CFTR contributes to the glucose-induced action potentials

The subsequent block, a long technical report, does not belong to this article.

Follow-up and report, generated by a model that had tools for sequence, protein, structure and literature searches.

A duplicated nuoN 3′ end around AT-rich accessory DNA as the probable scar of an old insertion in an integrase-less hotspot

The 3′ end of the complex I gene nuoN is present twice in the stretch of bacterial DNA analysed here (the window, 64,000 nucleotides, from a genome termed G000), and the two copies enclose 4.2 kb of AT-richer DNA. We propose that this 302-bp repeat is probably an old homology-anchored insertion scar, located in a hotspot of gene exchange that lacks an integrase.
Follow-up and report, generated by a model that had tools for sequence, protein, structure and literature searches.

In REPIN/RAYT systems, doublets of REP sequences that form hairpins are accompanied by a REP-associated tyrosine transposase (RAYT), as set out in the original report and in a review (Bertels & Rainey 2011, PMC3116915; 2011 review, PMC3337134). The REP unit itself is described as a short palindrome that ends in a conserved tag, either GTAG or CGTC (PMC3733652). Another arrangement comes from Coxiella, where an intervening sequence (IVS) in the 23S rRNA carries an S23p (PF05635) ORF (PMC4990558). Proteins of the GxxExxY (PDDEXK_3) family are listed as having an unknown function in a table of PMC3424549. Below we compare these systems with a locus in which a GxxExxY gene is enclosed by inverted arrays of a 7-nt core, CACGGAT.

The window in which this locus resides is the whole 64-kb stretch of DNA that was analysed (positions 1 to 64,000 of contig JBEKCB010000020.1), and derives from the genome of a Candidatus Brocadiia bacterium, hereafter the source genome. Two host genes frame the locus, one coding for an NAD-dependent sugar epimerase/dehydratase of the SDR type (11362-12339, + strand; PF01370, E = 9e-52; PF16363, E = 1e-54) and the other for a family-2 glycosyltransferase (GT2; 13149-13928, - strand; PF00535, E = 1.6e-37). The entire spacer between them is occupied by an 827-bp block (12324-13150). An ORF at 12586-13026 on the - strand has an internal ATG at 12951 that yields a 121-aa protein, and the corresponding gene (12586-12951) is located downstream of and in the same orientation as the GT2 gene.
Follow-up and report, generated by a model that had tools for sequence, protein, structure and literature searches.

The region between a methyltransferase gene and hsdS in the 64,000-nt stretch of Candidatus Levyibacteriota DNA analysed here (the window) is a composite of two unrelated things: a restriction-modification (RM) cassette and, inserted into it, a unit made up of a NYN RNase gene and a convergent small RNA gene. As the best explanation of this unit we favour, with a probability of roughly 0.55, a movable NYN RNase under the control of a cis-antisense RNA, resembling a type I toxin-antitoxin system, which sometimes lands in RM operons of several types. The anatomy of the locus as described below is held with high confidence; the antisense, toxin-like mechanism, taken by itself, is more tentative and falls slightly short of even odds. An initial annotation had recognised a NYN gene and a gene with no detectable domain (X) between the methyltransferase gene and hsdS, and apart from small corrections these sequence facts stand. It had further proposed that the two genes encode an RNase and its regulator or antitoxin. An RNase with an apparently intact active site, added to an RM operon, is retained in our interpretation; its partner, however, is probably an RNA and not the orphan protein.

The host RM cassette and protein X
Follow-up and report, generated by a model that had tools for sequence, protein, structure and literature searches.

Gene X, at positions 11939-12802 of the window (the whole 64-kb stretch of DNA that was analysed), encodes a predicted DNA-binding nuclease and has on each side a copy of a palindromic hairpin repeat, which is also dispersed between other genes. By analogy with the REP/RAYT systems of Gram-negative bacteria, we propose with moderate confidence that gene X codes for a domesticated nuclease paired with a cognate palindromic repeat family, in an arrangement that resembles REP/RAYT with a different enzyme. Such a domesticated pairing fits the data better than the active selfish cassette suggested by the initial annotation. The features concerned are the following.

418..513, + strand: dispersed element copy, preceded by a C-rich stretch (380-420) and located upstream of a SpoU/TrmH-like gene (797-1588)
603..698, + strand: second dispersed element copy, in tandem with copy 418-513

The action potentials or electric spikes leading to insulin secretion in the β-cell are generally believed to be contributed by Ca2+ and Na+ influxes23. However, it has been reported that the spikes also depend on intracellular Cl− (ref. 12). As shown in Fig. 2g,h, CFTR inhibition or knockdown significantly reduced the magnitude of the action potentials. We thus asked whether CFTR could also contribute to the action potentials in β-cells, in addition to the resting membrane potential. As shown in Fig. 3a, glucose (10 mM) elicited a slow membrane depolarization superimposed with bursts of action potentials (electric spikes) in β-cells isolated from mice, which could be abolished by subsequent addition of CFTRinh-172 (10 μM). Similarly, the magnitude of the glucose-induced electric spikes in β-cells isolated from DF508 mice was significantly reduced (15.6±1.7 mV) as compared with the wild-type (23.4±3.0 mV), and so was the frequency of the spikes (from 0.122 Hz in wild-type to 0.028 Hz in DF508) (Fig. 3b). Moreover, the time duration for the membrane potential to reach the threshold for the generation of the electric spikes in DF508 (894.5±96.7 s) was significantly longer than that in wild-type β-cells (423.4±73.4 s) (Fig. 3b), consistent with the more hyperpolarized resting membrane observed in CFTR defective or inhibited β-cells (Fig. 2c,d). The attenuation of electric spikes in CFTR inhibited/defective β-cells could also be due to the hyperpolarized resting membrane potential that prevents firing of action potentials or the spikes. To test this, we injected currents to elevate the membrane potential of DF508 cells to the averaged resting membrane potential level observed in wild-type cells, −65 mV. However, under this condition, the spikes evoked by glucose (10 mM) in DF508 cells were still significantly smaller than that of wild-type cells (Fig. 3c), indicating possible contribution of CFTR to the electric spikes independent of its effect on the resting membrane potential. Furthermore, injecting currents to elevate the membrane potential of both wild-type and DF508 β-cells to the same depolarized level, −40 mV, evoked electric spikes in the absence of glucose in wild-type cells with a magnitude significantly greater than that observed in DF508 β-cells (Fig. 3d), further demonstrating the direct involvement of CFTR in the generation of the electric spikes. Similar results were obtained from RINm5F cells showing that the depolarization (−50 mV)-induced electric spikes in the absence of glucose could be attenuated, both in magnitude and frequency, by CFTRinh-172 (10 μM, Fig. 3d). These results suggest that during the rapid changes of membrane potentials that constitute the electrical spikes of β-cells, there could be transient inward currents that are contributed by CFTR-mediated Cl− efflux. To further test this, we examined the Cl− dependence of the action potential in β-cells. Indeed, in the patch-clamp experiments on RINm5F cells, when Cl− in the pipette solution was varied, the magnitude of the action potential generated by injecting 0.3 nA current was also varied, with the highest observed at 150 mM, intermediate at 75 mM and almost no action potential at 0 mM (Fig. 3e), indicating the dependence of the action potentials on intracellular Cl−, or Cl− efflux. When Cl− was removed from the pipette solution, the glucose-induced electric spikes were almost completely abolished in RINm5F cells (Fig. 3f), similar to that observed in CFTR DF508 β-cells (Fig. 3c). Taken together, the dependence of the β-cell action potentials on both CFTR and intracellular Cl− suggests that the glucose-induced electric spikes in β-cells may be altered when Cl− currents flow through CFTR.